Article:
Inflation targeting by the central bank is looking to keep the inflation monster well in the single digits going forward.

Zambia continues to face challenges when it comes to maintaining price stability. The country has been struggling to contain inflation to single digits and has consistently missed targets since its adoption of policy rates as the main tool of macroeconomic policy. Damaging for investor confidence and consumer welfare, a focus on curbing inflationary pressure has been at the forefront of the activities of the Bank of Zambia (BoZ).

Whilst sustaining annual GDP growth rates of more than 6% over the past decade, inflation in Zambia averaged at 9.43% in the period of 2005 to 2014, reaching a peak of 19.2% in April 2005. The rate of 7.8% recorded in September 2014 was above that of neighboring Mozambique, the Democratic Republic of Congo, and Zimbabwe, which is currently struggling to avoid deflation after years of hyperinflation. The country is likely to miss the 6.5% end-of-year target set by Finance Minister Alexander Chikwanda in October 2013, with inflation expected to be “slightly below" 8% as 2014 draws to a close, according to Francis Chipimo, Assistant Director of Economics at the BoZ.


According to the BoZ, the country's inflationary pressure can be in large part attributed to a rise in food prices. Like in other low-middle income countries, food represents the largest share in the average household budget, and hence is given the largest weight in the basket of goods used to calculate CPI. As a result, food inflation will be reflected in overall prices.

Fiscal adjustments in May 2013 are another factor contributing to higher prices: in a politically difficult move, the government removed fuel subsidies and later also maize subsidies, hiking up the cost of energy and agricultural products.

Finally, the national currency, the Zambian kwacha (ZMW), witnessed a sharp depreciation against other convertible currencies, with the exchange rate reaching a low of ZMW7.04 per US dollar in May 2014. According to the central bank, the decline is explained by a reduction in the supply of dollars to the market, in particular from the mining sector, coupled with lower copper prices. As well as exacerbating inflation, the government worried that a weaker currency would erode investor confidence.


The situation prompted action from the BoZ, which embarked on a series of measures aimed at restricting liquidity. In March 2014, the statutory reserve ratio for the banking sector was increased from 8% to 14% and its application extended to government and other deposits not previously subject to it. Later that year, the central bank increased the policy rate by 175 basis points to 12%. Furthermore, the rate for its overnight lending facility (OLF) was increased and access to the OLF restricted to once a week; this forced commercial banks to meet their liquidity needs by borrowing from other sources, with repercussions for the interbank lending rate.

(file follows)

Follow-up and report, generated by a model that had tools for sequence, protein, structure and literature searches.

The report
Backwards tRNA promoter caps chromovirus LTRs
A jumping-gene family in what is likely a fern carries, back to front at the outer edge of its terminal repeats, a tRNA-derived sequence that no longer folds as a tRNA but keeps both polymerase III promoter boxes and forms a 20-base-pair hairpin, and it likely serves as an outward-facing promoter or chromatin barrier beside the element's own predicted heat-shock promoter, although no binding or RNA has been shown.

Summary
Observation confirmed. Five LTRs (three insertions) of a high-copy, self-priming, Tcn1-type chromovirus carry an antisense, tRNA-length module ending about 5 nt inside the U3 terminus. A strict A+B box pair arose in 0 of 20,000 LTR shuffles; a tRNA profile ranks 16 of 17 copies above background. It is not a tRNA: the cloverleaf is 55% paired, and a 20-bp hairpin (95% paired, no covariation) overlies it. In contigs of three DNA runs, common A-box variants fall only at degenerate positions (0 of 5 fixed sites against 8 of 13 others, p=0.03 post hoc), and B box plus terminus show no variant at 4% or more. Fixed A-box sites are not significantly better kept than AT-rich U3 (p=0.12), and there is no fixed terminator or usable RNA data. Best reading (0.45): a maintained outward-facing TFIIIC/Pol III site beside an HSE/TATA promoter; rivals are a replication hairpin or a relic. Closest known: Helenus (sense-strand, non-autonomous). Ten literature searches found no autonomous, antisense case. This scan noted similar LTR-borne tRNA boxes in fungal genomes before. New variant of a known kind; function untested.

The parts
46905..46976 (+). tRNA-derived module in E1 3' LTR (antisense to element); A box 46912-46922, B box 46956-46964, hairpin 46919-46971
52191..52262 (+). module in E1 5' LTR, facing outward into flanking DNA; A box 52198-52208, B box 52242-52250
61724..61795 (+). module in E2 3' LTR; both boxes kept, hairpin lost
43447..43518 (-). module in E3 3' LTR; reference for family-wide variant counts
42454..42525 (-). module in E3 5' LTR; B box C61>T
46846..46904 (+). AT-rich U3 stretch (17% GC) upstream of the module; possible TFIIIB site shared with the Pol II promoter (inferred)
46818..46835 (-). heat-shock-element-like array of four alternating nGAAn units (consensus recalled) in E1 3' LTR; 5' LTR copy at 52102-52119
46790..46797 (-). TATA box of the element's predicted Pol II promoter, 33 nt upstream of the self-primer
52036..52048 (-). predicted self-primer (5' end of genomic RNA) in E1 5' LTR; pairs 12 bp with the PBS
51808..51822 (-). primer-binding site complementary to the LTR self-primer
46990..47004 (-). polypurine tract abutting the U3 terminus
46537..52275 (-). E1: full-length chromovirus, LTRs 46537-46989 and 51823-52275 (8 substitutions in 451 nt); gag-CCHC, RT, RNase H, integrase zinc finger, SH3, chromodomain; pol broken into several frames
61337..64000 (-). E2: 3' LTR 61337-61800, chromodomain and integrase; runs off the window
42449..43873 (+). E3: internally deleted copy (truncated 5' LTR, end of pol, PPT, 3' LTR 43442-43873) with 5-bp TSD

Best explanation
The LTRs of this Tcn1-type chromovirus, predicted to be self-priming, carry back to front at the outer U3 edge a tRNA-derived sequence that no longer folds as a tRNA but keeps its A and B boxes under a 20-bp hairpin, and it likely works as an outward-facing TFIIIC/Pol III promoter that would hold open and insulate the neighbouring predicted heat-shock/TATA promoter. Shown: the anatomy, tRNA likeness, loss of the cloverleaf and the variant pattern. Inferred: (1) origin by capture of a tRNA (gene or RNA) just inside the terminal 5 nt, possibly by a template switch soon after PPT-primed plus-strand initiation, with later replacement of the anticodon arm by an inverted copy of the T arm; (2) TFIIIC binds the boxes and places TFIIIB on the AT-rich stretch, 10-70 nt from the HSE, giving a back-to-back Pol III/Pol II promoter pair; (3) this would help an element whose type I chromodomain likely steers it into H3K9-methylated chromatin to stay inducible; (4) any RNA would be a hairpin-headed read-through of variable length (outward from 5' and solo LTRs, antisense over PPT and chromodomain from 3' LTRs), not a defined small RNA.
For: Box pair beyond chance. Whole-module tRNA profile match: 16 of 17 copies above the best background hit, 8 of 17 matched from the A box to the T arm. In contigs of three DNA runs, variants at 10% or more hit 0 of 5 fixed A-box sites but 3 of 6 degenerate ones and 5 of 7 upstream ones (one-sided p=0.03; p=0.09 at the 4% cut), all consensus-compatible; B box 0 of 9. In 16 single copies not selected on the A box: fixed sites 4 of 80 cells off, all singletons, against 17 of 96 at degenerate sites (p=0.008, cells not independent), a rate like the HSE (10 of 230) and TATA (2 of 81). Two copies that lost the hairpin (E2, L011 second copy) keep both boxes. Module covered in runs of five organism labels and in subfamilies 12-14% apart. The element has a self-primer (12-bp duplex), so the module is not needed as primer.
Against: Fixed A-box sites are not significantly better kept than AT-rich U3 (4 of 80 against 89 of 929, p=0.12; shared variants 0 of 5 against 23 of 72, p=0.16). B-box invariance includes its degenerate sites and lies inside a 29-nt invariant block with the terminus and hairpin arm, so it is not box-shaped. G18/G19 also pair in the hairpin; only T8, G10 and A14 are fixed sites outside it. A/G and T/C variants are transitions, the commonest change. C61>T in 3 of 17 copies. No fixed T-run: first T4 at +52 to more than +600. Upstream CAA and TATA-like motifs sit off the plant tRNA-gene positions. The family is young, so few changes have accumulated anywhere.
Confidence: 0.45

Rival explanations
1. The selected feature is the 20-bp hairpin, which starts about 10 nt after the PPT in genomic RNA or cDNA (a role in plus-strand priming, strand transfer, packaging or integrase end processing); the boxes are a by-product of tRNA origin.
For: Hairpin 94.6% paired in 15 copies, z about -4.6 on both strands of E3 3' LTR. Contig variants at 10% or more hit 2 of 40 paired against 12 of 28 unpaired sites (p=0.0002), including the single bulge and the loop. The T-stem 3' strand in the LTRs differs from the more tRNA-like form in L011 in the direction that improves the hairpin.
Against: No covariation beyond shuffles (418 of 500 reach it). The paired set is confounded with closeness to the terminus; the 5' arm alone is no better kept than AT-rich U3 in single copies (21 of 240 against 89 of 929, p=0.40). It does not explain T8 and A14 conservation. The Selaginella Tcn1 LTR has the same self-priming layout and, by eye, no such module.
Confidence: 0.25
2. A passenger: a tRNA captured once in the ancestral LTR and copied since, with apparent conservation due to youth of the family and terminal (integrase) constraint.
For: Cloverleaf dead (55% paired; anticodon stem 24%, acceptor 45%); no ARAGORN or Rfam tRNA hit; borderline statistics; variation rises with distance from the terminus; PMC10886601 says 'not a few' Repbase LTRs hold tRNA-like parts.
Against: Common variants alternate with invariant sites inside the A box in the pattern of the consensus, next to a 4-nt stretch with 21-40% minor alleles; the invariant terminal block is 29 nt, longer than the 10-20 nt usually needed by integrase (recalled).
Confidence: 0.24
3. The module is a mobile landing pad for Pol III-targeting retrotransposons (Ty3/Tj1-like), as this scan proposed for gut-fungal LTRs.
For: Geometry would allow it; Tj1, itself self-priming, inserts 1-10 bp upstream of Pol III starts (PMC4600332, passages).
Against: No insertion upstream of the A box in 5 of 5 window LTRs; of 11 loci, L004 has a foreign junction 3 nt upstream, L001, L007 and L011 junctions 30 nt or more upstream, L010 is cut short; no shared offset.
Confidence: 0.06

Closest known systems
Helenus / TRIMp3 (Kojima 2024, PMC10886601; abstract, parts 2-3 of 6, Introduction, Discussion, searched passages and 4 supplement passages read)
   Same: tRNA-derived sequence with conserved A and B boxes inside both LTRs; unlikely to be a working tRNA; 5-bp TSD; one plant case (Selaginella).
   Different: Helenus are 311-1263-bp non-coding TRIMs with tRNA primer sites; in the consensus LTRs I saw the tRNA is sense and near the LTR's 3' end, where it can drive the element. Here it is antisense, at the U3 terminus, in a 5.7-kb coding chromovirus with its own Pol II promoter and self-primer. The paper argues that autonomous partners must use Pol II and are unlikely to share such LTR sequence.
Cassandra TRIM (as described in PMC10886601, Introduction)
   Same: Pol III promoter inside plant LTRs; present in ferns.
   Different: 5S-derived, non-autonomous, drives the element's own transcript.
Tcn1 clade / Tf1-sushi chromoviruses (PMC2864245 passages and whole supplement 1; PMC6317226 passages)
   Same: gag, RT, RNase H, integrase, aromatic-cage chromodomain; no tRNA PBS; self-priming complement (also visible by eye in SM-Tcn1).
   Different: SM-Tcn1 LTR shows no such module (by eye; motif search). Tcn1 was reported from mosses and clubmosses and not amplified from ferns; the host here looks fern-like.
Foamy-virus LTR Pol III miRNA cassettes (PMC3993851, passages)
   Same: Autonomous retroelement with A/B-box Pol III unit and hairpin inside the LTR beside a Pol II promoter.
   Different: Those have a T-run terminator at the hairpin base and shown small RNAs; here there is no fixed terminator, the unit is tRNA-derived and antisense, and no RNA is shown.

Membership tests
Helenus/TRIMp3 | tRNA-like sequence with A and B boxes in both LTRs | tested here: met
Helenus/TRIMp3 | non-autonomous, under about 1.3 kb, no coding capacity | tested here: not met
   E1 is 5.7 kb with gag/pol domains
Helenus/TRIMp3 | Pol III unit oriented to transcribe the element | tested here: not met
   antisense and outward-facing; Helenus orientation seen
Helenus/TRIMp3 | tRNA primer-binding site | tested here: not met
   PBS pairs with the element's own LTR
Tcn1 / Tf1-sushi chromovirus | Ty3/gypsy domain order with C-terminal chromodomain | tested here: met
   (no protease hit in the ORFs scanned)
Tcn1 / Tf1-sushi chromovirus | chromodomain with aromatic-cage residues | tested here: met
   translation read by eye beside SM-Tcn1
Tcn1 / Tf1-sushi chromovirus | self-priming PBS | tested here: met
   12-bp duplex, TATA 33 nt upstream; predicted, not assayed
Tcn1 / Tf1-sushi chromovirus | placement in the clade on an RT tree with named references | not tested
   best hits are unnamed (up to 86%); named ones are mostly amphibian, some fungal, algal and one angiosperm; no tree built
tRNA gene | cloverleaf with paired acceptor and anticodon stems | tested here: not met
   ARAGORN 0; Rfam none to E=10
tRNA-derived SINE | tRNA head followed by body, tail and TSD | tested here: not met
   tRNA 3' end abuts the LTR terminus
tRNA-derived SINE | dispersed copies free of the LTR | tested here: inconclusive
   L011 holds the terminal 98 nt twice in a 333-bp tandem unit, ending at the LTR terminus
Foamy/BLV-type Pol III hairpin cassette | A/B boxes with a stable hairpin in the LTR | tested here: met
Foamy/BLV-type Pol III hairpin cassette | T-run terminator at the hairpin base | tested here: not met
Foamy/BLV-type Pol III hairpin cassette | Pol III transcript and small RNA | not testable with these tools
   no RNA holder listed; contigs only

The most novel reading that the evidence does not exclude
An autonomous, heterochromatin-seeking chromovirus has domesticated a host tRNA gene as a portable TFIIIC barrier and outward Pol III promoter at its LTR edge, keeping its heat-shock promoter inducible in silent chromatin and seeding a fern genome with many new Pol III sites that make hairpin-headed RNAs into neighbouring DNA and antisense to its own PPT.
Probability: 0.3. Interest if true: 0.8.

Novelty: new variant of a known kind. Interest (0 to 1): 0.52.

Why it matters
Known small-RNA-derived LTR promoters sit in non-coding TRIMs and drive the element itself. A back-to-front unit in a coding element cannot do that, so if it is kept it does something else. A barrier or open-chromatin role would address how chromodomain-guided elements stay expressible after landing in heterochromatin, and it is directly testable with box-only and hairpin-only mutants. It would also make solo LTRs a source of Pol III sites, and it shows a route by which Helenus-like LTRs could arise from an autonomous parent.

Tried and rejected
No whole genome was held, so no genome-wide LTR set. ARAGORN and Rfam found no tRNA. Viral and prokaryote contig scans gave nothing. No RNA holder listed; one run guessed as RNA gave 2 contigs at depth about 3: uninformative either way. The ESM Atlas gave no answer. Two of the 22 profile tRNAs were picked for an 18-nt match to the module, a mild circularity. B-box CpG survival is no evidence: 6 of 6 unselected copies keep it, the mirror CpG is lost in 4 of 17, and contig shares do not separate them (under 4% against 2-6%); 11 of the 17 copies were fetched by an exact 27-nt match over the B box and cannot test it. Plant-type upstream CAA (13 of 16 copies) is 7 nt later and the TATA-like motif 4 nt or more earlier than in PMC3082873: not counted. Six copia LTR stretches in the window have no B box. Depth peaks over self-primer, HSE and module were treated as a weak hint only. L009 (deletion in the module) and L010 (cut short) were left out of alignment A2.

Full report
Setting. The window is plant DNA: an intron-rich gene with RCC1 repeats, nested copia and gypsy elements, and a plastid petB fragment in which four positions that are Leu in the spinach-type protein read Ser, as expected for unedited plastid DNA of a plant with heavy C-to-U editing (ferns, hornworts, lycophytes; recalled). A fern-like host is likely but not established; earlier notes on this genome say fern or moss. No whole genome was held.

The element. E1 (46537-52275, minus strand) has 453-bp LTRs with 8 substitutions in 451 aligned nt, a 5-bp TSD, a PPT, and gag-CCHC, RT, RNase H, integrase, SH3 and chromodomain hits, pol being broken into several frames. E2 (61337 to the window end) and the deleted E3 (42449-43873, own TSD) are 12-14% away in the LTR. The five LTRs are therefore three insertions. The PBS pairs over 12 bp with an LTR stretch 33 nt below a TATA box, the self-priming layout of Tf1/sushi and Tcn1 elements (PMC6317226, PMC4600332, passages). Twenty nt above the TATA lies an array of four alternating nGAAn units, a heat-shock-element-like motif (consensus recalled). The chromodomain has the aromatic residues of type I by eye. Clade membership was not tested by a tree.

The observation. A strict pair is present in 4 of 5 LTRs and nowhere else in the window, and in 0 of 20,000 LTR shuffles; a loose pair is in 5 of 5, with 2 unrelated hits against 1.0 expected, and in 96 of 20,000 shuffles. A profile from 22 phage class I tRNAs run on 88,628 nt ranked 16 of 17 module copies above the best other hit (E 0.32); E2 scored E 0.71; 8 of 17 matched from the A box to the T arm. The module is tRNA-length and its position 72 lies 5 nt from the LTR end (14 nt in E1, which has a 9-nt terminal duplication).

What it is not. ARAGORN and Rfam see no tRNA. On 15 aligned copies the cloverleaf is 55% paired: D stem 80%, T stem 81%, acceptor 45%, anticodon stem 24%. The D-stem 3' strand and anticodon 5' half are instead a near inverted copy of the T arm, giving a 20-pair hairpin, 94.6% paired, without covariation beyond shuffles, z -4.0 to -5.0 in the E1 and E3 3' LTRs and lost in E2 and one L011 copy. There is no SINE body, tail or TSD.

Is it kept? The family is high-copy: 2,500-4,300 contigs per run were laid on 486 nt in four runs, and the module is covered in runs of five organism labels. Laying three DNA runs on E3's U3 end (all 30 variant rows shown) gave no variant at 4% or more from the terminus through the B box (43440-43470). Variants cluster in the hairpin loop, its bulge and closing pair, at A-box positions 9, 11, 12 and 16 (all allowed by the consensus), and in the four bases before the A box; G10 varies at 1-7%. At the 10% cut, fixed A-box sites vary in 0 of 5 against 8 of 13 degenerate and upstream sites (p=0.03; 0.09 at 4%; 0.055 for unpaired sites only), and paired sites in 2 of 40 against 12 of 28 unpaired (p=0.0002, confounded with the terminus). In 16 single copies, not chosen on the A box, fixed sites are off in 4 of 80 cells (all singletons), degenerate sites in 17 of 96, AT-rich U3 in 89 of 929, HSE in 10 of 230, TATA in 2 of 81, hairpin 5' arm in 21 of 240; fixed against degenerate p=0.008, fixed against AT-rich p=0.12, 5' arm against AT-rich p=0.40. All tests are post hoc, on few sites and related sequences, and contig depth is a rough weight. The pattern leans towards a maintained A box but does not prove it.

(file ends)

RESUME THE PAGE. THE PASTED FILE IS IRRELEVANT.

According to the Governor of the BoZ, Michael Gondwe, the tighter monetary stance adopted by the central bank was effective in reducing excess liquidity and raising interest rates (in particular the interbank lending rate), moderating inflationary pressures, and “helping to achieve relative stability in the foreign exchange market." This has allowed the BoZ to once again ease liquidity through open market operations in order to sustain economic growth.


Since April 2012, Zambia has moved away from targeting monetary aggregates and introduced the Bank of Zambia Policy Rate as part of a wider modernization of its monetary policy framework. The move was welcomed by the IMF and has allowed the BoZ to increase communication with the public and anchor inflation expectations, with the aim of increasing transparency and improving the effectiveness of monetary policy.

The central bank will continue to focus on maintaining inflation in single digits. It will find itself aided by stable commodity prices and lower volatility in foreign exchange markets. However, a “further deterioration in global economic conditions" could impact copper prices and the demand for Zambian exports, according to John Wakeman-Linn, IMF Mission Chief for Zambia. He also warned against further increases in civil servant wages, which could “intensify existing pressures on private sector wages" and increase pressure on inflation, and well as hinder job creation.

Overall, the BoZ is positive about the country's prospects and strong economic growth is expected to persist in the short to medium term, driven by strong export growth and robust performance beyond the copper sector, including in agriculture, transportation, finance, construction, and manufacturing.

In the longer term, as the country moves towards economic diversification, a reduction in its reliance on copper will facilitate macroeconomic management. Zambia's goal for the medium term is to bring annual inflation rates down to 5%.